Why it is hard to learn another programming language Part II

Published on 5 min read

    Why it is hard for developers to learn another language and how a professional training can help - Part II

    Note: other posts in this series - Part I and Part III.

    In our last post in the series, we focused on how the dialogues in a group setting that a professional training provides are crucial for developing the mental model of a new programming language. The right mental model is necessary to be successful in the learning process. In the second part of this series, I will focus on how our process which combines lectures and hands-on exercises, supports the developer to develop the right mental model for learning.

    A short recap:

    We are regularly confronted with the fact that experienced programmers find Rust a language hard to learn. Research suggests that this is not only the case for Rust, but a general problem: If you already know one programming language, learning another comes with its own set of challenges. In this blogpost I will discuss the findings of the article Here We Go Again: Why is it difficult for Developers to Learn Another Programming Language? in the context of how a professional training can help to overcome the issues the authors raise.

    The article identified three major sources of problems that make switching to a new programming language difficult:

    1. Interference when learning a new language

    When learning something new, we try to connect the new information to similar information that we already possess. The old information can help to integrate the new information, but it can also interfere with learning something new, because the similarities are too superficial, or the new information contradicts the old information.

    2. Programmers apply opportunistic learning strategies and learn on their own.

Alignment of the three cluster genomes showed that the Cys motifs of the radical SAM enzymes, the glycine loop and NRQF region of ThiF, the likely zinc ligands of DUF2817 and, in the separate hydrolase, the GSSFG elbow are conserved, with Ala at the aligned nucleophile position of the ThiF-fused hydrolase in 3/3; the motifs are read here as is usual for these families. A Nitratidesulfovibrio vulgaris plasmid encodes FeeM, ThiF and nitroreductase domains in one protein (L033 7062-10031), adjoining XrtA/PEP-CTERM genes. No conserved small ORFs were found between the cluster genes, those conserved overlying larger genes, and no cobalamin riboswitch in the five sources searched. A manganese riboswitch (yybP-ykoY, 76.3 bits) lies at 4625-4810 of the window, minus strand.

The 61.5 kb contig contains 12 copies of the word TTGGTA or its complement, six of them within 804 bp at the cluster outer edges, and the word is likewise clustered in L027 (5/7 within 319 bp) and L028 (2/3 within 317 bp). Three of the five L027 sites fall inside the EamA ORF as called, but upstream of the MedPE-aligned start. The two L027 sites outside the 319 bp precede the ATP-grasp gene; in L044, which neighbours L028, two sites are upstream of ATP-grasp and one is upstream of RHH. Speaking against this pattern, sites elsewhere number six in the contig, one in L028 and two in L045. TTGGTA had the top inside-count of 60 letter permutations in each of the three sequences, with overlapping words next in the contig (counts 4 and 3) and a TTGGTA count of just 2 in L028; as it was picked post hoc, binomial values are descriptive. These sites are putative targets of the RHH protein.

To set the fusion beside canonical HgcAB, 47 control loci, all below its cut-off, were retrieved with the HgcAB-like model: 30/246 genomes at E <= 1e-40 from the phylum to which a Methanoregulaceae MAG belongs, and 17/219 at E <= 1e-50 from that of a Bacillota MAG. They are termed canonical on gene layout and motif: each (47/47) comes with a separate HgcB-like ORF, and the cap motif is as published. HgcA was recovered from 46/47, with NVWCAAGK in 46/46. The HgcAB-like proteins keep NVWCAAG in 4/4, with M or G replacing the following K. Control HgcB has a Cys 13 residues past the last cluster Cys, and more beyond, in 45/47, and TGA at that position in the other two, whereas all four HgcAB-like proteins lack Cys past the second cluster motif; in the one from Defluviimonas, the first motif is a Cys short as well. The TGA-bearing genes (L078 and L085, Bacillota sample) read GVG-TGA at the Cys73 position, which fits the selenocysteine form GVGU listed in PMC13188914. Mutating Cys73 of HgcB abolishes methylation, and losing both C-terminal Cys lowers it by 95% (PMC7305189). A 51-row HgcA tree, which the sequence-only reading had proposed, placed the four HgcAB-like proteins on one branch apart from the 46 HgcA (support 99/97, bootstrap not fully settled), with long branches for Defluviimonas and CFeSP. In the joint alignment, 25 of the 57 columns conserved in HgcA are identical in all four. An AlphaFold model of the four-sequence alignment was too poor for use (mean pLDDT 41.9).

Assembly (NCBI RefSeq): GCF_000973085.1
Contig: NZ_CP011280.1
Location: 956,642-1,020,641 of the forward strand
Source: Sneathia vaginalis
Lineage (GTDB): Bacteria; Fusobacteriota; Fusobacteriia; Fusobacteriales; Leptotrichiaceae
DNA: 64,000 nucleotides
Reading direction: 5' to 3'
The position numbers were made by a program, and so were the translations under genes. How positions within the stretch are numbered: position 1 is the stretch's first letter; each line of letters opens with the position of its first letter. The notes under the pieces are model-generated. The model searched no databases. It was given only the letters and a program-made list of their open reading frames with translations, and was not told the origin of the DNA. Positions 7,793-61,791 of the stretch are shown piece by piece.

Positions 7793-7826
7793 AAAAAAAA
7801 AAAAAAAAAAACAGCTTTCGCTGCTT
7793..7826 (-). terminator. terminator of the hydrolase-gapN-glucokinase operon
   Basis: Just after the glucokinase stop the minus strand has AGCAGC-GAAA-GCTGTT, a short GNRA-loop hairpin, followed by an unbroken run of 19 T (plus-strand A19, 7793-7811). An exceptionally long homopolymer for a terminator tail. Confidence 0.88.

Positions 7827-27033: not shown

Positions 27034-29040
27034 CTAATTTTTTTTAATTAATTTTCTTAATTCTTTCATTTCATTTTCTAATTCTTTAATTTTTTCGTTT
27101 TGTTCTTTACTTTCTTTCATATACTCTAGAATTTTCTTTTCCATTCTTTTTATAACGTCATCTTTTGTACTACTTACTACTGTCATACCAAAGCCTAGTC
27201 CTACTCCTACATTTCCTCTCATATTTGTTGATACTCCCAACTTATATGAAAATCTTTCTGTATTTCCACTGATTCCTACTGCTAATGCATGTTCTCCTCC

“Just in time learning” is described as a learning strategy that is based on a need-to-know basis using online available resources while learning alone. Instead of learning a new language systematically from the ground up with a broad horizon of application in mind, the focus is often on a narrow skillset required to get a very specific task done.

    3. Breaking of old habits and shifting mindsets becomes more difficult.

    Learning a new language requires a mind shift, getting familiar with new tooling, possibly building a new mental model of what programming looks like in the new language. Using your old mental model as a sole guide to learning a new language can make it very hard to get into a new mental model, which is necessary to be successful in the new language.

    How can a professional training help you save time and reach your goals more effectively?

    Let’s take a closer look at opportunistic learning strategies

    From our last post one can conclude that learning alone is inherently problematic and to be avoided. At this point I want to make clear, that being able to learn in a self-driven way is not only a great skillset to look out for in employees, but also a necessity for adapting a new language on a team.

    But relying on this ability of individuals alone when up-skilling an entire team on a new technology is not very time effective and not the best use of this skill. A couple of things make a self-driven approach rather costly:

    There are a growing number of good books and exercises out there that are great resources for learning Rust. But this is also where trouble begins: The process of selecting which ones are suitable, be it quality wise, or approach wise takes time at best and is frustrating at worst.